Recent scholarship studying the impact of racism and race-based prejudice has begun to elucidate its rampant persistence throughout all contexts of modern society, including the world of sports. Prior research from American sports leagues has shown that even referees, trained officials intended to enact neutral judgements, are subject to bias against Black and dark-skinned players. To extend these studies and inform policies aimed at combating racial bias in public spaces more broadly, we report results from a unique dataset of over 6,000 player-year observations from the Italian Serie A to examine whether these biases also exist in European football. Our results show that darker-skinned players receive more foul calls and more cards than lighter-skinned players, controlling for a range of confounders. By exploiting an absence of fans induced by the COVID-19 pandemic, we also present preliminary evidence that fans may play a key role in inducing poor calls against darker-skinned players.

Borwein, S., Bonikowski, B., Loewen, P., Lee-Whiting, B. and Magistro, B. Perceived automation threat, populism, and vote choice: evidence from 15 European democracies. . Under Review

The political consequences of Automation and Artificial Intelligence has become the focus of some populism and nationalism literature. We contribute to this literature by drawing from a data set of over 15,000 respondents from 15 European countries to estimate how respondents’ egotropic and sociotropic fears about automation and job loss relate to party support. We find a positive relationship between personal automation risk and left voting, but a negative relationship between personal automation risk and support for populist right parties. We find that nativism suppresses the overall negative relationship between personal automation fear and populist right party support. We also find that that perceptions of collective threat increases intentions to vote for populist right parties, but not other party families. Overall, our analysis suggests that both non-populist and populist left parties could be positioned to make substantial gains when citizens feel more personally exposed to automation and AI.

Loewen, P.,  Stevens, B.A., Sidh, D. and Magistro, B.,  What Kind of Algorithmic Governance do Citizens Want?

As governments increasingly adopt algorithms and artificial intelligence (AAI), we still know comparatively little about citizens’ support for algorithmic governance. In this paper we analyze how many and what kind of reasons for government use of AAI citizens support, and how this varies at the individual and country levels. We use a sample of about 17,000 respondents from 16 OECD countries and find that opinions on algorithmic governance are divided. A narrow majority of people (55.6%) support a majority of reasons for using algorithmic governance. This is relatively consistent across countries (ranging from 44.3% in France to 67.2% in Italy). Results from a multilevel model with country random effects suggest that most of the cross-country variation is explained by individual-level characteristics, including age, education, gender, and income. Older and more educated respondents are more accepting of algorithmic governance, while female and low income respondents are less supportive. Finally, we classify the reasons for using algorithmic governance into two main types, “fairness” and “efficiency”. The two are positively correlated, but vary based on individuals’ political attitudes. Specifically, right-wing respondents are more accepting of efficiency reasons, left-wing respondents are more accepting of fairness reasons, while populist respondents are less accepting of fairness reasons.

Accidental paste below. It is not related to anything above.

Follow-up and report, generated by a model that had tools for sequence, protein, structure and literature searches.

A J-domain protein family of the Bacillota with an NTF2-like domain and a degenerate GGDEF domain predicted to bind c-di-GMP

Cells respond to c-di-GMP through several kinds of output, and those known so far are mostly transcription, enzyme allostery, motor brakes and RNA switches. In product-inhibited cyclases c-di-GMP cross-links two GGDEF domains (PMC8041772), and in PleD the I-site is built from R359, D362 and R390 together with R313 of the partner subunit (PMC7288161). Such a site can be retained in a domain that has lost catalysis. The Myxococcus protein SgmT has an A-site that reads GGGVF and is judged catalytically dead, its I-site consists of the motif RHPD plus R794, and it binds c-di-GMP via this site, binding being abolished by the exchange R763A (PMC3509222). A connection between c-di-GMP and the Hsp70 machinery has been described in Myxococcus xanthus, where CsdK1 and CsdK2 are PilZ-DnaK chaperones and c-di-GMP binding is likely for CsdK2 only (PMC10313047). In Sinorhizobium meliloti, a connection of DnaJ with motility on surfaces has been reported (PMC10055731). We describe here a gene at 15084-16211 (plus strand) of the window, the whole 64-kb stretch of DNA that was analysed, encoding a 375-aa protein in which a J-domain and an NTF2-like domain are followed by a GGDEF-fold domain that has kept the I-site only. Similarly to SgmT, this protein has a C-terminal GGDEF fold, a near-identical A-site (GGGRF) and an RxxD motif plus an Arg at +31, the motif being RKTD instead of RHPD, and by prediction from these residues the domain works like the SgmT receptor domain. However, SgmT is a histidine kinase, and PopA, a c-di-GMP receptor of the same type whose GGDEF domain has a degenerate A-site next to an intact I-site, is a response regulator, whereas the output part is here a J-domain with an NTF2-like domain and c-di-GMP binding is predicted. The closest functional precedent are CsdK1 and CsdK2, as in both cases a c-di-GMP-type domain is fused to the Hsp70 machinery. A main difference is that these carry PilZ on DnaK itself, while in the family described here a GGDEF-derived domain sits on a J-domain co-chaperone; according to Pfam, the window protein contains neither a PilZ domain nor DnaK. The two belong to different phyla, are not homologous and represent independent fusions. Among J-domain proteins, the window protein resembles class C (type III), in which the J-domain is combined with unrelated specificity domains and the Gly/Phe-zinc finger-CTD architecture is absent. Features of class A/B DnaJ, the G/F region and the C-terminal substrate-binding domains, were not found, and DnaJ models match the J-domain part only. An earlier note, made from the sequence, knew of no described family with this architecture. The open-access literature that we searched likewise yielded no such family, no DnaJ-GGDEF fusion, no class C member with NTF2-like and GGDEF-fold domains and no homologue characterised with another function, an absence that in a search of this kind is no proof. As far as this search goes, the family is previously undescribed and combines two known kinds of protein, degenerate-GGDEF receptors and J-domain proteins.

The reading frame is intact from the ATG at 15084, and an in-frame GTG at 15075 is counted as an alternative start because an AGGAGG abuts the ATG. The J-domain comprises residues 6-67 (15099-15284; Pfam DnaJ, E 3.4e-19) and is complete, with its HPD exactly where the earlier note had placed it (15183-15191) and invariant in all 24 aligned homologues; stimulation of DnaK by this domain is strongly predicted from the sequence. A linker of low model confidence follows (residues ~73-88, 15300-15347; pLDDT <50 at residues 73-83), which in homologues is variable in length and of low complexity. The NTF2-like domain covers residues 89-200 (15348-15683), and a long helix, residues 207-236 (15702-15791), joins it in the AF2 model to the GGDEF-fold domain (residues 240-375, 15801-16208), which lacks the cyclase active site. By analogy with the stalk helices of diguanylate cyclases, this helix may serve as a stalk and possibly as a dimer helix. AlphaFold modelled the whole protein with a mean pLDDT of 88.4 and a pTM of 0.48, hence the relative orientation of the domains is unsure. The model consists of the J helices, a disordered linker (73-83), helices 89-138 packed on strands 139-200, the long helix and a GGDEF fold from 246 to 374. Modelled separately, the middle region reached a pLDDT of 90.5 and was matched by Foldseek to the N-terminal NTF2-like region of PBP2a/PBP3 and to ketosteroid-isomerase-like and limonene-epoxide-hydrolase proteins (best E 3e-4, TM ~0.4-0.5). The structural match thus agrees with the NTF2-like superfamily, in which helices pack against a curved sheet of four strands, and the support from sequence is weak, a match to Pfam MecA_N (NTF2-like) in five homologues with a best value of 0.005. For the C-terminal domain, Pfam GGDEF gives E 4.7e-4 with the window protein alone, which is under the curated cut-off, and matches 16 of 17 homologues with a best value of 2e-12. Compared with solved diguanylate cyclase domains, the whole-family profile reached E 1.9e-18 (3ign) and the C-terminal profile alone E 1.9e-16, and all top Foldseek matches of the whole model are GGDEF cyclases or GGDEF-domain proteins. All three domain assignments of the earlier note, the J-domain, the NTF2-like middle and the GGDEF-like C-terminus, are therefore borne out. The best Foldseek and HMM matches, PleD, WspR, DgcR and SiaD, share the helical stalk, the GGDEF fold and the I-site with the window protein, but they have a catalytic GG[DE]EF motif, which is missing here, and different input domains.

Magistro, B. and Menaldo, V., Exploring Economic Populism, a Neglected, but Growing, Phenomenon

Available here

The economic cost of populism is extremely high: after 15 years, GDP per capita is 10% lower compared to plausible non-populist counterfactuals. We seek to look under the hood and explain the mechanics behind these numbers: we provide a framework to make sense of this pattern and explain the systematic, mutually reinforcing association between populism and economic dysfunction and underperformance. Populists emanating from either the left or the right tend to converge on a similar political economic model: protectionism, crony capitalism, and inveterate rent seeking. We also adduce supporting evidence from very different places, Argentina, Chile, Greece, and Italy, and across disparate time periods. We argue that populism almost always ushers in economic collapse. We posit that a key reason for this is that, rather than seeing economic interactions as “win-win” situations, populists are obsessed with zero-sum thinking.

Magistro, B. How durable is the impact of the European debt crisis on attitudes on national and EU democracy and governance? A closing gap.

Available here

Studies find that the European debt crisis and the austerity policies forced upon deficit countries by the EU and the IMF affected citizens’ attitudes on democracy and governance. The conditionality imposed upon peripheral Eurozone countries (Portugal, Italy, Ireland, Cyprus, Greece and Spain) reduced institutional trust at both the national and EU levels, creating a trust gap between conditionality and no-conditionality countries. This letter uses a difference-in-difference event study design to investigate whether this gap is permanent or whether it fades away over time. Findings suggest that attitudes on national and EU democracy and governance worsened in 2010 after the European debt crisis in conditionality countries as opposed to other EU countries. However, this gap started to reduce in 2014, and was eventually closed in 2017.

%d bloggers like this: